Kathleen A. Martin, Ph.D.
American Laboratory - September 8, 2015
Analytical laboratories in the pharmaceutical industry may serve many masters: manufacturing operations needs to release product quickly; quality assurance protects patients; product development requires analyses to support understanding of product stability, delivery systems and other factors.
A contract analytical laboratory that works with many pharmaceutical companies, McCrone Associates (Westmont, Ill.) has used Raman microspectroscopy to solve problems for many departments within client organizations. This paper describes applications, advantages and disadvantages of Raman microspectroscopy by way of comparison to infrared (IR) microspectroscopy.
Industrial laboratories use a variety of instruments to assay and characterize raw materials and products, including gas and liquid chromatographs, infrared spectrometers, mass spectrometers, and scanning electron microscopes (SEMs), in addition to wet chemistry capabilities.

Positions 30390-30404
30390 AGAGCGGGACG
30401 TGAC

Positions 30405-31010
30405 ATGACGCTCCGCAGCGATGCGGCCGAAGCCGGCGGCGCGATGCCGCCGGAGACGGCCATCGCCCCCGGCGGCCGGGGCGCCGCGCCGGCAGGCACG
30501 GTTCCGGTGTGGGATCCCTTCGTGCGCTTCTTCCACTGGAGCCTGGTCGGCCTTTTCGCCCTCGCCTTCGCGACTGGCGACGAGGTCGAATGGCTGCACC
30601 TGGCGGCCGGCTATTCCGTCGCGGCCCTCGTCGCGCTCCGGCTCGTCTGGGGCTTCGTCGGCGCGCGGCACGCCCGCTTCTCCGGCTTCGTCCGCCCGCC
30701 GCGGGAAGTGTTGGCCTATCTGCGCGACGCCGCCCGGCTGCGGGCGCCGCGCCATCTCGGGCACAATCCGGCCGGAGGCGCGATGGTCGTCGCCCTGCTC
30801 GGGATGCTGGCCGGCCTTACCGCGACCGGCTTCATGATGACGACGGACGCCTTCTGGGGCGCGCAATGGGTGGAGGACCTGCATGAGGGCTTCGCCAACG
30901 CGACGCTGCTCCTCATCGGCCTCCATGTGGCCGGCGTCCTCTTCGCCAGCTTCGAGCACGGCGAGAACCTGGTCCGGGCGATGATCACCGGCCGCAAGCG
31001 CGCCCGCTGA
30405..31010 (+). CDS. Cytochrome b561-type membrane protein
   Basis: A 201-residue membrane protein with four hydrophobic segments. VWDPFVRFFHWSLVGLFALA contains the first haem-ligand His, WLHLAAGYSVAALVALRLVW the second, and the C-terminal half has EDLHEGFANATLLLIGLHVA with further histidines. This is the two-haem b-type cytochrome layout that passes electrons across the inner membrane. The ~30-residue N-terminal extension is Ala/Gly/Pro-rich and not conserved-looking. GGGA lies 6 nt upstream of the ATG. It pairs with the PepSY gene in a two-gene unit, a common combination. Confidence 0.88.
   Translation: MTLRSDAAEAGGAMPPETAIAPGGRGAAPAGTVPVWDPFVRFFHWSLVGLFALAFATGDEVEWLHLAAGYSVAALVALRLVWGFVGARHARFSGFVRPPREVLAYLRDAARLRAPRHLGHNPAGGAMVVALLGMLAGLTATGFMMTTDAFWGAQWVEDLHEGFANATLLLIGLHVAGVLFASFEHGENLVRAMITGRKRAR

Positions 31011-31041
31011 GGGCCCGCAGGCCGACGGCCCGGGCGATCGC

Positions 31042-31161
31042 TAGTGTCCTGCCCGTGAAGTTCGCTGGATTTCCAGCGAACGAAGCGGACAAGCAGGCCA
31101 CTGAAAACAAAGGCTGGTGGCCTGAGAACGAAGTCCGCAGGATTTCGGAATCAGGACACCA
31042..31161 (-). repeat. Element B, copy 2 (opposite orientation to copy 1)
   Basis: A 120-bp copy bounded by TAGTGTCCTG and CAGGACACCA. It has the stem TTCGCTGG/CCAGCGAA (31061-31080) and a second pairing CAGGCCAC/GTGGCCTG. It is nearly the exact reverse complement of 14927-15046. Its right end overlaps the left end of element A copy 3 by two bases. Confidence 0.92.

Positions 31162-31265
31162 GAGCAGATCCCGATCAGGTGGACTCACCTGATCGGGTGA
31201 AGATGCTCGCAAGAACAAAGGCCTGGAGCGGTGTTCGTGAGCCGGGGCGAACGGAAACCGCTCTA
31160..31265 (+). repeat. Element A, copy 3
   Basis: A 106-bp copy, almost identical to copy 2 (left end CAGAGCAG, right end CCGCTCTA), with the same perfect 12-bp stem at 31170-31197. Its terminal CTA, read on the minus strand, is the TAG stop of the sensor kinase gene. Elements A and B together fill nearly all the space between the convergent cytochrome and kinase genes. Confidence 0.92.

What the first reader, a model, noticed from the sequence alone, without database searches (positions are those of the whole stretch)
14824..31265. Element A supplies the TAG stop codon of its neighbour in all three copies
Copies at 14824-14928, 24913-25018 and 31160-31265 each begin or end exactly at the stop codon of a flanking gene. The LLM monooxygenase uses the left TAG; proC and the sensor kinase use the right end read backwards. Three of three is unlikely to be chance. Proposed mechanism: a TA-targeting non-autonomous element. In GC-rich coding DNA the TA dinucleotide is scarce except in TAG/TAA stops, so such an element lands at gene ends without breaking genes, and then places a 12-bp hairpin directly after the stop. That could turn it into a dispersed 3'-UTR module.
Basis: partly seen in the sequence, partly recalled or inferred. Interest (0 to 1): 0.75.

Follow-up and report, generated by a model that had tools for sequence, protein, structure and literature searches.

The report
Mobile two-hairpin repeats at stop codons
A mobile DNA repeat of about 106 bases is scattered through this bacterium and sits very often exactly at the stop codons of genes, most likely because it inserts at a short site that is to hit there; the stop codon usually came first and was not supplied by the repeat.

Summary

The still-growing field of Raman microspectroscopy has many pharmaceutical industry applications and can be an important adjunct to other analytical instrumentation. Raman spectroscopy is sometimes erroneously thought of as a “grown-up” version of IR spectroscopy, but it differs from infrared spectroscopy in several ways and the two techniques complement each other